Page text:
No matter which you choose, scanning your network, especially for business networks, is an important part of keeping your network secure. If you don't scan it to find the holes in your security, someone else will, and they probably won't point out the holes to you, they'll probably just use those holes in ways you don't want them to.
One other option, from the folks at Rapid 7 is the free online scan. You can scan 2 IP addresses for free from the internet at http://www.rapid7.com/freescan.jsp This should give you an idea of how exposed your servers that are attached to the internet are. This will only scan public Internet IP addresses. It is probably best to get a local scanner set up or hire a pro to come in and scan the private address space as well, especially if you use wireless.
Friday, December 11, 2009
If you didn't and you use Gmail, go read it now. It only takes about 10 minutes to read and another 10 minutes to implement.
Now, I have to wonder why is it that people never seem to care enough about privacy to encrypt e-mails?
Sure, for some it's a matter of not knowing you CAN encrypt, for others it's a not knowing HOW to do it... but it seems the biggest thing is an aversion to using passwords.
I have a 30 character password that I type in whenever I want to encrypt or digitally sign an e-mail. Most people would not go to such an extreme, but even a 6 or 8 character password with PGP or GnuPG that you only had to type once per mail session, when you first open your mail program or when you send the first message that day, would afford a lot more privacy and ensure that mail you think is from friend X isn't really from stranger Y pretending to be friend X.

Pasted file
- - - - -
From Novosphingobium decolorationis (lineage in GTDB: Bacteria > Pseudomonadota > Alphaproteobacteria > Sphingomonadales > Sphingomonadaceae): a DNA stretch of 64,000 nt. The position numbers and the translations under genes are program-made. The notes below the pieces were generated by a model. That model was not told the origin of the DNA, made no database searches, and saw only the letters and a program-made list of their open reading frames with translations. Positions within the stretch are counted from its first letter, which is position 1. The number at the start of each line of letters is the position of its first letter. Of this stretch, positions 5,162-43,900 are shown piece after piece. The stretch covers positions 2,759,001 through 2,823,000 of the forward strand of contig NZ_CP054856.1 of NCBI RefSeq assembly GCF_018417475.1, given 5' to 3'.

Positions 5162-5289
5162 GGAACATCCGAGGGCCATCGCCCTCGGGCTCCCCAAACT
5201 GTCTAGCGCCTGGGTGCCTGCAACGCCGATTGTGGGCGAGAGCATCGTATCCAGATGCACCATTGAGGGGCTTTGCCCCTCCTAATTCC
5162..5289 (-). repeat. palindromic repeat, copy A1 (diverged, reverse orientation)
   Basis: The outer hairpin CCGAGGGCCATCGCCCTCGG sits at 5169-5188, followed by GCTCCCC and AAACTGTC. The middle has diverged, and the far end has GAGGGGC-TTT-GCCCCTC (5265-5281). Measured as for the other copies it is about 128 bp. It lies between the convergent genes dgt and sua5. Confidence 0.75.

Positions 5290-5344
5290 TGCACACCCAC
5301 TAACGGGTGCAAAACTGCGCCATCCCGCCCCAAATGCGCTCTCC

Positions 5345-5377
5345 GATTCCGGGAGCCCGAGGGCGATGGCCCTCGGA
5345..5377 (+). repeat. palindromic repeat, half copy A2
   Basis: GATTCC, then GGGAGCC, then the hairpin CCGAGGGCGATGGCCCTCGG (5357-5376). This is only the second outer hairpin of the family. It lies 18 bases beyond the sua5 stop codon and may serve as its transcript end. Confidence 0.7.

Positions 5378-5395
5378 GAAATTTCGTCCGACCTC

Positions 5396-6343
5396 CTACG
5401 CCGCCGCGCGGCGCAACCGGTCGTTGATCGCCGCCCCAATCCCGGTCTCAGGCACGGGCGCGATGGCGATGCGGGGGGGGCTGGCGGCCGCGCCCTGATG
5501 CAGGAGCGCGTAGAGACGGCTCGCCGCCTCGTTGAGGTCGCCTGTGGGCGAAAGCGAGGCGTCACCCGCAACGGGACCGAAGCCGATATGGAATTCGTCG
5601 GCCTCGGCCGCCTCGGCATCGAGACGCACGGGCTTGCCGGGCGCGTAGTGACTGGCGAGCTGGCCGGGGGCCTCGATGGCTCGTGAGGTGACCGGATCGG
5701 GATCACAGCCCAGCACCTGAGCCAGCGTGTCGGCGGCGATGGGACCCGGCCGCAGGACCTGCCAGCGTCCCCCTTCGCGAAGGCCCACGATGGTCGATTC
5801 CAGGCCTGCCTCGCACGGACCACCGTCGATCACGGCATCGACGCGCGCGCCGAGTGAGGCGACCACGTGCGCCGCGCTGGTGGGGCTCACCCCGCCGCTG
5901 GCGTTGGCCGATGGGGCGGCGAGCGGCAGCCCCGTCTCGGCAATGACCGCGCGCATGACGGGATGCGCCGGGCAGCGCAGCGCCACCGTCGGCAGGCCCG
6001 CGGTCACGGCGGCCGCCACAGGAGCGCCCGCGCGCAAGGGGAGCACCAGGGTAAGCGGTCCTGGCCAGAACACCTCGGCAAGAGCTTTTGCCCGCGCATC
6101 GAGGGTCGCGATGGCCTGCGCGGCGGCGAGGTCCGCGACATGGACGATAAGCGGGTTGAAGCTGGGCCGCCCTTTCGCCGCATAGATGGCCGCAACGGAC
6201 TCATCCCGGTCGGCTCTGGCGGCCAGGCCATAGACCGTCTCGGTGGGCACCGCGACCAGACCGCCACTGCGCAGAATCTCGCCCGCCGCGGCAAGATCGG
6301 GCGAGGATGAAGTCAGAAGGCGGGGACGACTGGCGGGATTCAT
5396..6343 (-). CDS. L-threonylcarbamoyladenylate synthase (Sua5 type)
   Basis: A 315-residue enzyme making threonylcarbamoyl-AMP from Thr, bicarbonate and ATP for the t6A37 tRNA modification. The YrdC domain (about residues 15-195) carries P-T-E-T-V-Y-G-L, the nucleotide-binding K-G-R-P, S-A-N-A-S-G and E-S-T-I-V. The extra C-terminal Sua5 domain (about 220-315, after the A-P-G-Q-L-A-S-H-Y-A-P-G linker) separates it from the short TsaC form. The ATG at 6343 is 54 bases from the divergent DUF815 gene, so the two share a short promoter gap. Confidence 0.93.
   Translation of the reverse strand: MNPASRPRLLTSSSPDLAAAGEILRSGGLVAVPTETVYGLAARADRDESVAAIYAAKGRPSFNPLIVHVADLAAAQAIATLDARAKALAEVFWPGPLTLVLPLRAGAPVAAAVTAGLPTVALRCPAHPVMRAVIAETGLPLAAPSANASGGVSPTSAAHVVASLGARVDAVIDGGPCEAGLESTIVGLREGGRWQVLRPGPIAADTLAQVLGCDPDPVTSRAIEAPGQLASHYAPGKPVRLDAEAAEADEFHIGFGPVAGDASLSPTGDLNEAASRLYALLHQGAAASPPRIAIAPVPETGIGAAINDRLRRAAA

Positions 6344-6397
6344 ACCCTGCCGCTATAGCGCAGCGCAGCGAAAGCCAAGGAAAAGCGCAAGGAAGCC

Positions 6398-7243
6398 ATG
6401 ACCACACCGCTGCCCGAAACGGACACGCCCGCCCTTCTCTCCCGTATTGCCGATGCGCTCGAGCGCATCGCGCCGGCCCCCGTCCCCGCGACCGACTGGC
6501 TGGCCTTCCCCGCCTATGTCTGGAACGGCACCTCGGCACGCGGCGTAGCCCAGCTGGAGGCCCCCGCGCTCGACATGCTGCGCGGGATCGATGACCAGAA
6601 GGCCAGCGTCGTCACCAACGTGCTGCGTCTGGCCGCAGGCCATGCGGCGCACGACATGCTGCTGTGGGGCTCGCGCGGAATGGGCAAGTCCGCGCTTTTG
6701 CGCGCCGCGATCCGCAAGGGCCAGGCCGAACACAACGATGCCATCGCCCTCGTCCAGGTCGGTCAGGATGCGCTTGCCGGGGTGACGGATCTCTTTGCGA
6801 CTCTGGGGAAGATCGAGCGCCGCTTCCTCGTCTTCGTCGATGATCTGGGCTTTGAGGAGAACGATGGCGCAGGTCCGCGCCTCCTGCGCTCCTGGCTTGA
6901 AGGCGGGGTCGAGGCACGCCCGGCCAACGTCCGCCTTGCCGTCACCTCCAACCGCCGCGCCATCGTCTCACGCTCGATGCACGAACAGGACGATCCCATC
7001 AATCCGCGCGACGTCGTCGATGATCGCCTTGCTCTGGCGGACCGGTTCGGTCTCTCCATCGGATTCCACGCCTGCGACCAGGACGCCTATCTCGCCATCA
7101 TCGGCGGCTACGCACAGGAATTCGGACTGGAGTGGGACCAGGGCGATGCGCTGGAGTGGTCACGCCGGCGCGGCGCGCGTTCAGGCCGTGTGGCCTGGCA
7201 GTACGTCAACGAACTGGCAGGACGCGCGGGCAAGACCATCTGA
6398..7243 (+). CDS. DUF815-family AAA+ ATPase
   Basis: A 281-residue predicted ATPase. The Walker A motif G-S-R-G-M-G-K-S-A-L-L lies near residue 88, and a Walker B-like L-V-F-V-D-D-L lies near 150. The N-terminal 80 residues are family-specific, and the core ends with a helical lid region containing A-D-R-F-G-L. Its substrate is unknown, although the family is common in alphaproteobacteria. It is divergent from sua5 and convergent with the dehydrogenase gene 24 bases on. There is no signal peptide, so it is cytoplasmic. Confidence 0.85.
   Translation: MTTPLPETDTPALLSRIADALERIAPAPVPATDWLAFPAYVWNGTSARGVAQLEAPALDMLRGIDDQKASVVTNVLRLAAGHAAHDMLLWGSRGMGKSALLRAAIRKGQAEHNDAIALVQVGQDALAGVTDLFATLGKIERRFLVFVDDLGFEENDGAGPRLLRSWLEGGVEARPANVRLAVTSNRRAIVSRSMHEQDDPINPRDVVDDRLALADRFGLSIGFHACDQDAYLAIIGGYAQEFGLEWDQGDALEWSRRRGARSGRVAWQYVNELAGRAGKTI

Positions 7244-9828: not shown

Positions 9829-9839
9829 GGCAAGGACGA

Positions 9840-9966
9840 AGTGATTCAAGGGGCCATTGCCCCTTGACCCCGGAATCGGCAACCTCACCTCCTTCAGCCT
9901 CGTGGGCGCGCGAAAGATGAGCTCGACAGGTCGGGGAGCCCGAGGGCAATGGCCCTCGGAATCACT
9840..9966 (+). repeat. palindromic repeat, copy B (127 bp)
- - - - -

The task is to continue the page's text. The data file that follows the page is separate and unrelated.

How many people have had an e-mail come to them apparently from a friend that turned out to be spam, or worse, a virus? ...or even a roommate playing a practical joke on the supposed sender? PGP/GPG would solve that. I've been using this technology on an off (and recently more and more) for years, but surprisingly few others I know use it. I could understand if it were like S/MIME encryption that requires a yearly fee for a certificate, but PGP is free. All it takes is a little bit of effort to get started then you can stop sending love letters and secret passwords and Grandma's secret family recipes on the electronic equivalent of postcards and start mailing things in e-envelopes. (strong e-envelopes).